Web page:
Symphony No. 1 in B minor
Wurttembergische Philharmonie Reutlingen/Fawzi Haimor
CPO 555 377-2 88:14 mins (2 discs)
Furtwängler said that he was a composer who conducted, rather than a conductor who composed, although he had little spare time for writing music. But in the 1930s, he took some of the ideas from a symphonic movement which he’d abandoned in 1908, and reworked them as the opening of what became his First Symphony. Even that didn’t please him, and he put it in the bottom drawer after one performance in 1943.
It’s hard to disagree with his verdict. Ghosts of composers he most admired haunt the score, with Bruckner, Beethoven and Wagner looming large. This distracts from the work’s overall shape, nor does its tendency to fall into foursquare phrasing help. A dramatic opening builds an expectation that the music will take off, but it comes to a halt after a minute, and heads off into a meandering Largo, where there’s too much reliance on sequential writing. The Scherzo doesn’t completely escape this trait, but its light scoring and perky articulation make it more effective overall.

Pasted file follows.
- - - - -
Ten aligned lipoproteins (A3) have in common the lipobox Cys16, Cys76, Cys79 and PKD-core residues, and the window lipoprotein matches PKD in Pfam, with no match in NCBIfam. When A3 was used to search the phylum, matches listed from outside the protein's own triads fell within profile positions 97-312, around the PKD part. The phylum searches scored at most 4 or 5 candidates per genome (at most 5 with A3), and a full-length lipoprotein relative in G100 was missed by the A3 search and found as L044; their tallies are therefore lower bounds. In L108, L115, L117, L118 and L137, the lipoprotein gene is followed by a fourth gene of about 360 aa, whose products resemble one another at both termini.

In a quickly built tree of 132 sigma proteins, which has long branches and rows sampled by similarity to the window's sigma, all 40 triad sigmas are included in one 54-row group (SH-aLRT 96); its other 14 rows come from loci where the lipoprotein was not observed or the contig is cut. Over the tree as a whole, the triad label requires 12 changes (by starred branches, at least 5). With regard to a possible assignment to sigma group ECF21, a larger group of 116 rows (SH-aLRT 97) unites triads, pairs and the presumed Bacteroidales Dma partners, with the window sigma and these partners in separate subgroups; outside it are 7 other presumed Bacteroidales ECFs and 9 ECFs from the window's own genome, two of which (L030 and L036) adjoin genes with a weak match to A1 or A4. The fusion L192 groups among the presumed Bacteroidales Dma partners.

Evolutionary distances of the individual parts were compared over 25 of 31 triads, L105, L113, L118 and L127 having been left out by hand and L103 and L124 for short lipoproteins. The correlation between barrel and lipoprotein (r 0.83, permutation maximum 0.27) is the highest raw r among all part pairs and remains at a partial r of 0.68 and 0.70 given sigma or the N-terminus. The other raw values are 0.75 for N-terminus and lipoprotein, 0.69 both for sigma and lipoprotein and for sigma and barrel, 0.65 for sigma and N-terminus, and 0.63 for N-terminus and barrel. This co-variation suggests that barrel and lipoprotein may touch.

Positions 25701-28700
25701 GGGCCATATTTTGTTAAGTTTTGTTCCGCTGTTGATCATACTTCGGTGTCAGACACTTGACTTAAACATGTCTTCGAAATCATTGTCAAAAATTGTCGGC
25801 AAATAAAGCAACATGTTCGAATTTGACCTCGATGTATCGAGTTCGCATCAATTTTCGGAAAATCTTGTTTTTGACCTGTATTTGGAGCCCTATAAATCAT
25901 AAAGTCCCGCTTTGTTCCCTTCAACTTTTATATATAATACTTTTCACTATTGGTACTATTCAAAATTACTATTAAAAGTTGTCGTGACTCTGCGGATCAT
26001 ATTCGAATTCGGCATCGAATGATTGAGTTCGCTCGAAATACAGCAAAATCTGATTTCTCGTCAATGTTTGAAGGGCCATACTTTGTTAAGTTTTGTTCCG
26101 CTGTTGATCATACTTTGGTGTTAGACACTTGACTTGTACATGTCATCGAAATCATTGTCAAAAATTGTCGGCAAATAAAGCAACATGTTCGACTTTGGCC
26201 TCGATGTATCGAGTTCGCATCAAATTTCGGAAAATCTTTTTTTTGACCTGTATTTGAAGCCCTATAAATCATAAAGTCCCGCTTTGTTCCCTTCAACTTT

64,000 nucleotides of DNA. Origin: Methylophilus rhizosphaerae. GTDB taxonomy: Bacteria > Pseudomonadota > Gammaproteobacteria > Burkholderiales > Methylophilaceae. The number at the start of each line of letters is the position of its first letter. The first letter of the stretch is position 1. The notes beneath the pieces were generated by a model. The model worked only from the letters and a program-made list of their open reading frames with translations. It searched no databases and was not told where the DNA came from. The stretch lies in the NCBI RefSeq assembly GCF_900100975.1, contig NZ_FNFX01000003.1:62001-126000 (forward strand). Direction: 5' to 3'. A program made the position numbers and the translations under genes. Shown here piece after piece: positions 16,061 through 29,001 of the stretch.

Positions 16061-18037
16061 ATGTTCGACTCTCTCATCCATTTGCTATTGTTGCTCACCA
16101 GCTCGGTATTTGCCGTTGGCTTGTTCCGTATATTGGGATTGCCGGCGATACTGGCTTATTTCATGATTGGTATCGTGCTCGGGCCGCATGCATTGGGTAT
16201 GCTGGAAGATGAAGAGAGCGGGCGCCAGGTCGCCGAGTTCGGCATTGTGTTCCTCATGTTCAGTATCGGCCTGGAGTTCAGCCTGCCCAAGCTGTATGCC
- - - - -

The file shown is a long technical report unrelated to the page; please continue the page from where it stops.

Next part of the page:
The Largo reaches an emotional high at the central climax, but I was longing for some memorable melodic substance to go with the rich harmonies and detailed scoring, and even more so in the finale, which comes in at just under half an hour, but has no clear trajectory. The performers do as much as they can with the symphony, and the recording is warm and detailed, but it’s as a conductor that Furtwängler will rightly be remembered.